A version of this article appeared in print in The Korea Times on 6/21/2013.

By Kim Young-jin, Kim Tong-hyung

For Lee, a 38-year-old Korean man, life in the closet had reached a dangerous boiling point.

Born to a religious family — his father was a Presbyterian pastor — Lee felt he couldn’t reveal that he was gay, because people around him viewed homosexuality as a sin.

When he lived in Vancouver, a city with a large gay population, Lee refrained from dating, fearing repercussions in Korea — where sexual minority rights are ignored. He believed “coming out” would jeopardize his career as an English instructor and that people would discredit his work in the church.

“I often thought of committing suicide,” he said. “There were so many things on my mind — my father, (pressure for) marriage, fear of living in isolation. There was no one to talk to and there were no answers coming.”

Lee has since come out, but his predicament is common in Korea, where gay, lesbian, bisexual and transgender (LGBT) people are harshly stigmatized. Their concerns are at the core of a small gay rights movement that has fought discrimination for decades despite a powerful Christian lobby that immobilizes politicians on the subject.

“Sexual minorities have problems in every field, from education to work to military,” said Lee Jong-geol, director of gay support group Chingusai (“Between Friends”). “There is still a lot of homophobia.”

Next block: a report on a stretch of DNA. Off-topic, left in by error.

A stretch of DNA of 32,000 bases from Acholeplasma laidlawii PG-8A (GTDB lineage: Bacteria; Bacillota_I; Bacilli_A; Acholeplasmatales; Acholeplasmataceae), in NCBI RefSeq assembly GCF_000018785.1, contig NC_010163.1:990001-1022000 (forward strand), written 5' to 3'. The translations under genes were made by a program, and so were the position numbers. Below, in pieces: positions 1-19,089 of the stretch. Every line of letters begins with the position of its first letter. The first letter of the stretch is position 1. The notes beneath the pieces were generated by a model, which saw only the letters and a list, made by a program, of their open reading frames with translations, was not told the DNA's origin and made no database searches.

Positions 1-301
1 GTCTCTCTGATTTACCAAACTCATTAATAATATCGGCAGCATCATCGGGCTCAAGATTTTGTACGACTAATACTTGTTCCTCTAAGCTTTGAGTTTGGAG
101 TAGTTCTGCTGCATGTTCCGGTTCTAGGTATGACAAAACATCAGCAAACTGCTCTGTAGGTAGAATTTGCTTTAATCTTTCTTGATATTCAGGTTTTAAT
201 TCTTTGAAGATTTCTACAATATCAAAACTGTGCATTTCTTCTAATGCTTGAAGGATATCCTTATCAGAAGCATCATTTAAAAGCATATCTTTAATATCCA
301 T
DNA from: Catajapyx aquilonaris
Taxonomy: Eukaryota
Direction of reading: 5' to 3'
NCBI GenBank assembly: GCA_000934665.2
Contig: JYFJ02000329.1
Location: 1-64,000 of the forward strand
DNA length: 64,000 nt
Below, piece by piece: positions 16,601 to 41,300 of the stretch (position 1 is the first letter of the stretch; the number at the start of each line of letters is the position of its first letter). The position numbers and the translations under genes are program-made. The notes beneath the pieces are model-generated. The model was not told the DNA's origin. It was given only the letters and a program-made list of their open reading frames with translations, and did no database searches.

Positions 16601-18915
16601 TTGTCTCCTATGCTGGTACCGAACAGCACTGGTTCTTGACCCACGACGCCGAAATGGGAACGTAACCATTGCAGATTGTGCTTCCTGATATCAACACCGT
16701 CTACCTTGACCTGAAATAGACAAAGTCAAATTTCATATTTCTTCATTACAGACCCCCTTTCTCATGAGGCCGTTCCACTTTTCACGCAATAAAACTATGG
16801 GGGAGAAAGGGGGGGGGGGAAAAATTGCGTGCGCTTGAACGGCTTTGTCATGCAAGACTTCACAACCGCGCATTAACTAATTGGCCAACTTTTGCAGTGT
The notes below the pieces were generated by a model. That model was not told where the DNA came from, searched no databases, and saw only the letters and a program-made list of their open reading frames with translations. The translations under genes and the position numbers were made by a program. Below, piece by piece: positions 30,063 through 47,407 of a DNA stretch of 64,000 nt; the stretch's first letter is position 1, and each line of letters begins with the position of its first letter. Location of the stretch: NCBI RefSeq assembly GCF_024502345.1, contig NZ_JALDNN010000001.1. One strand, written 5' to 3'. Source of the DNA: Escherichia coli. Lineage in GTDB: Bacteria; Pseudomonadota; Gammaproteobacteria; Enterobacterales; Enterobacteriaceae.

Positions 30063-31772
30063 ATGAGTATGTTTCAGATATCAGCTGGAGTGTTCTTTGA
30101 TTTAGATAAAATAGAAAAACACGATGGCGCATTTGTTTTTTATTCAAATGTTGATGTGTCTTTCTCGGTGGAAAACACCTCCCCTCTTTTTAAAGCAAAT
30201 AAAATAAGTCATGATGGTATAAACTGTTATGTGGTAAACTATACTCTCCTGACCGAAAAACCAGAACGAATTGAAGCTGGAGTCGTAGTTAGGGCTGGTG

The debate on LGBT rights comes at a time when the United States and other countries grapple with same-sex marriage. While Korea is not alone in its high level of homophobia, rights supporters believe the issue needs to be addressed if the nation wants to become an advanced country on human rights.

Activists hope the movement will gain traction in light of recent developments, including the announcement last month by a prominent film director that he would symbolically marry his longtime male partner.

Stigmatization

As with many social issues, Korea’s attitude towards sexual minorities is moored in its tradition of Confucianism, which prioritizes continuation of the family line.

This was reinforced by authoritarianism prior to the country’s democratization in 1987, scholars say. Military regimes disparaged homosexuality as a disruption to gender and family hierarchies as part of widespread efforts to squelch minority and pro-democracy voices.

The attitude was so pervasive that many people were unaware that gays existed. While economic development triggered a human rights discussions on gender equality and other issues, sexual minorities were excluded, a fact underscored by an utter lack of statistics on LGBT people.

Gays and lesbians say that the dearth of information, coupled with pressure to marry, make coming out at home difficult, while stigmatization at the workplace is stifling.

Yoo Han-seon, a 29-year-old office worker, came out to his closest friends but not at work. “When we’re out drinking, coworkers often talk about how much they hate homosexuals, saying they are not men but animals,” he said.

Lee Ye-in, a 26-year-old teacher, lamented the lack of resources available to young people with questions about sexual identity. “I knew I was different when I was in middle school,” she said. “I had to Google ‘What is a lesbian?’ to find out more.”

Stories shared by human rights activists show how homophobia can spin out of control.

One situation, included in a 2005 survey by the Human Rights Commission, involved a father who walled up his daughter into a room to prevent her from meeting other lesbians, forcing her mother to feed her through a small hole.